A simple step-by-step approach to drawing mouth and lip expressions for beginners
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Learning to draw the mouth and lips is a great way to master creating facial profiles and harnessing the power of capturing emotions.
Plus, it’s a pretty fun way to practice all sorts of mouth shapes! So, with that being said, what I like to do when drawing the mouth is first…..
Understand the Lip Anatomy
If you are familiar with my madness, I like to first understand and break down what it is I am looking at in my drawing subjects. Doing this helps me see lip construction as a building block in my drawing process and if something looks off, I can refer to the lip anatomy to check myself.
soooo yeah, it’s kind of a big deal.
Alrighty, the lips.
There are a few major components to the lips we need to first recognize and they include…
- the cupid’s bow (aka the top of your top lip)
- mouth corners
- v-shape (the bottom portion of your top lip)
- mouth line, lower lip
- the philtrum (aka the little dent area of skin between the top of your lip and nose).
Aight, we got the lip anatomy down. Cool. Now what?
Well, the next step is to do one of my most favorite drawing techniques of all time….
Step 1: Breaking Down the Shapes
Firstly, I grabbed a reference model picture to create my lip drawing. Reference pictures are super super uber important, especially when you are just getting started with drawing and recognizing patterns. Don’t let your ego, or other snobby artists, tell you otherwise! Trust me, use reference pictures!
Anyways, in this reference picture, I first marked out the major anatomy components of the lips (as we learned above), and drew it right on top of the reference picture. Sure it looks a bit funny, but we’re learning, and that’s important to note!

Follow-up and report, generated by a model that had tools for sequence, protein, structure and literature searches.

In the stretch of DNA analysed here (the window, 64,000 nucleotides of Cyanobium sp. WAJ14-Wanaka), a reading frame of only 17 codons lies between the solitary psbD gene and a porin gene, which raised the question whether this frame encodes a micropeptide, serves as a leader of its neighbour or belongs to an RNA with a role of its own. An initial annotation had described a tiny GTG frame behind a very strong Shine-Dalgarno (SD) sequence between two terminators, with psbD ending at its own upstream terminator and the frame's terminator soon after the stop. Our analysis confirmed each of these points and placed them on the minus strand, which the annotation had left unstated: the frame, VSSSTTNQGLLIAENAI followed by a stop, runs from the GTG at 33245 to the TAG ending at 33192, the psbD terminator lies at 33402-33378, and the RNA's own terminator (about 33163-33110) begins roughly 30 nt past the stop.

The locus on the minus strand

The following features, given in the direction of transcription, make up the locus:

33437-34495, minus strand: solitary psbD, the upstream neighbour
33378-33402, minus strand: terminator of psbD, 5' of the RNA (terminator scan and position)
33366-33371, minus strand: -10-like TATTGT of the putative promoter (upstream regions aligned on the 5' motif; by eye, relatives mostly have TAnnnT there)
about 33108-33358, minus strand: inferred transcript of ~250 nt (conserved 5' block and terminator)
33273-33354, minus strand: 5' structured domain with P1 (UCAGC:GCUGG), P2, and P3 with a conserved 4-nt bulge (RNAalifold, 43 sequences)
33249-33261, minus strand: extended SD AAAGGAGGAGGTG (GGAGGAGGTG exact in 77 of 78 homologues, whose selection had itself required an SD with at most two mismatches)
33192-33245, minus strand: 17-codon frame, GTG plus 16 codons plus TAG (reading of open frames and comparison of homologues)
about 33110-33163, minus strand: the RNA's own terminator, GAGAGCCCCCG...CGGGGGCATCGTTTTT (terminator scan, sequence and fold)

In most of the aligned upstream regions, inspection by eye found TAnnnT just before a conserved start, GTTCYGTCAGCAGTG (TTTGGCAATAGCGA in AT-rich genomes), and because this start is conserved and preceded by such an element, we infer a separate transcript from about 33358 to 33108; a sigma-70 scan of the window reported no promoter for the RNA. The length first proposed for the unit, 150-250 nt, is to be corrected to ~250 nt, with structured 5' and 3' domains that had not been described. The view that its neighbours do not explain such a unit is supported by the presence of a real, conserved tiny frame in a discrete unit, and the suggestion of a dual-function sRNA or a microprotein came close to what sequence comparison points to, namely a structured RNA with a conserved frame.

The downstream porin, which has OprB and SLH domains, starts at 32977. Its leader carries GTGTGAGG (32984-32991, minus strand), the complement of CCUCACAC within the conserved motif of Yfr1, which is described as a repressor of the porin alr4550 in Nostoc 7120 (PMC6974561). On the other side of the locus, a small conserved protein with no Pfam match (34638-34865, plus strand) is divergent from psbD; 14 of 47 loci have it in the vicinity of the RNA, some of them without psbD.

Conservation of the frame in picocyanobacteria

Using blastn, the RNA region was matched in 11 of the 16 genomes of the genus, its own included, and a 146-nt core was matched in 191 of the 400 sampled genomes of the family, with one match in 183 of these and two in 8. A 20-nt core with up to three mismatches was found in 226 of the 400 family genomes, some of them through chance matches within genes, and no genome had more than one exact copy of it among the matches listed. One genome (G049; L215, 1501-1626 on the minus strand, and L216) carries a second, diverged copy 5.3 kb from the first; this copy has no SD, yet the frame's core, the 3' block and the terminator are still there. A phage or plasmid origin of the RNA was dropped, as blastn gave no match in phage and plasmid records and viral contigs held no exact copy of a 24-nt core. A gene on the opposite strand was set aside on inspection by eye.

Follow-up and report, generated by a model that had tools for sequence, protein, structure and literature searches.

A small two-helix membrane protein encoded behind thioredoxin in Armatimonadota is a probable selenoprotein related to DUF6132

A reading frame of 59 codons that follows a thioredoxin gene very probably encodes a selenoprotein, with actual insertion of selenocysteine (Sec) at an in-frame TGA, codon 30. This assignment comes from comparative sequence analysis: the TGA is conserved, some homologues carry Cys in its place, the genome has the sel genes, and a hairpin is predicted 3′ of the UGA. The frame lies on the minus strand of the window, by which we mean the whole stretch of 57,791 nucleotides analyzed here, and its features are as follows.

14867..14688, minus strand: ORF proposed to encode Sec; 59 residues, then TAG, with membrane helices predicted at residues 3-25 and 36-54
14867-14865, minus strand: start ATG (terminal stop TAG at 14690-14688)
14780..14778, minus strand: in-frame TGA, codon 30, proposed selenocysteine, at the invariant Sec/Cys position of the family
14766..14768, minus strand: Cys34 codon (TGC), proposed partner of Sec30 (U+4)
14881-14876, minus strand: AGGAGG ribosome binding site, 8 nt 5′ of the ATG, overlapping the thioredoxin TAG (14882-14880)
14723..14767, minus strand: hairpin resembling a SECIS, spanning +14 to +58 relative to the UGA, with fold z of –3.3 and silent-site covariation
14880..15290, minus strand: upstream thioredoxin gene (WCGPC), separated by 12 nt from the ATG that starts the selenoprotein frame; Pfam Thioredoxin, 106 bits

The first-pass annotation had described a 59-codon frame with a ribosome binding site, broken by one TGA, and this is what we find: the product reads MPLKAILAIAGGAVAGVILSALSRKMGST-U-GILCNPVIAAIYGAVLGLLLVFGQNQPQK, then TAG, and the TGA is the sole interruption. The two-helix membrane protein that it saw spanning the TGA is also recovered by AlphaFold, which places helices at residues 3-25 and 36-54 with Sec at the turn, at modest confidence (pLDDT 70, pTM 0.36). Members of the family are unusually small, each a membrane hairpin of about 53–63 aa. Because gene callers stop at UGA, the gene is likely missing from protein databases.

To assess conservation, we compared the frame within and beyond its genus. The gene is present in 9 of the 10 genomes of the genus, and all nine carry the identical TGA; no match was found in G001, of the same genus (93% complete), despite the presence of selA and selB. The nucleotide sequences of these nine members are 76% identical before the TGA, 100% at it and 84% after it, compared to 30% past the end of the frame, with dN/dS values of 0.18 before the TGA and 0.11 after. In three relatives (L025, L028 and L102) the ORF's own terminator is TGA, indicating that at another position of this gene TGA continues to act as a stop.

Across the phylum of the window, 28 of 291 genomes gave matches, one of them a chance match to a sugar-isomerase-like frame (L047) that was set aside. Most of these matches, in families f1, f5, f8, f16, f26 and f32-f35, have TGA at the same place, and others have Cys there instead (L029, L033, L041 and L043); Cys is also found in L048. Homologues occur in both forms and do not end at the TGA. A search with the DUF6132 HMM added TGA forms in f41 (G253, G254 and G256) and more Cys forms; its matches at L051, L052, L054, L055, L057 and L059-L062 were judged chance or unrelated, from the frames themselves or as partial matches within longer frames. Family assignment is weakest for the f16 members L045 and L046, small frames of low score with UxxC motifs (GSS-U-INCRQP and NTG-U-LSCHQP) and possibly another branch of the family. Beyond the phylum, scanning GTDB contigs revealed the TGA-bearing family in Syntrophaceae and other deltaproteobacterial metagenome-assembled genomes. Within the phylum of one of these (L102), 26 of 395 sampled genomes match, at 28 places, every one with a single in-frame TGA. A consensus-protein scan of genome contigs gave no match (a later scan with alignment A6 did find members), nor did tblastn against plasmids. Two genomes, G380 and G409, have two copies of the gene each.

Step 2: The Drawing Process
Now comes the fun bit, drawing.
Ok, now that you’ve broken the lips down into their fundamental parts – and shapes – you just simply draw exactly what it is you see!
With your pencil and sketchbook, begin first by drawing in the cupid’s bow. Remember, draw what you see!
then, draw in your mouth corners.
Add in your v-shape and then the mouth lines, which connect perpendicular to the mouth corners.
Then, add in a sweeping “U” shape line to represent the bottom portion of the bottom lip, connecting them perpendicularly to the mouth corners.
Last but not least, add in the philtrum lines.
and there you have it. You just made a relaxed, typical lip expression. That wasn’t so intimidating, was it?
Of course, you may not get this on the first try, and that is OK. It took me many moons to understand this technique of breaking things down and drawing them in, but once I got the hang of it, my drawings got drastically better and took me less time to do.
Learning to break down these shapes will enable you to draw many different types of mouth expressions, simply because you are seeing the lip construction in a simpler, more manageable way.
So what are you waiting for? Get practicing!
What did you think of my drawing tips? Are they helpful? Comment below and share your thoughts!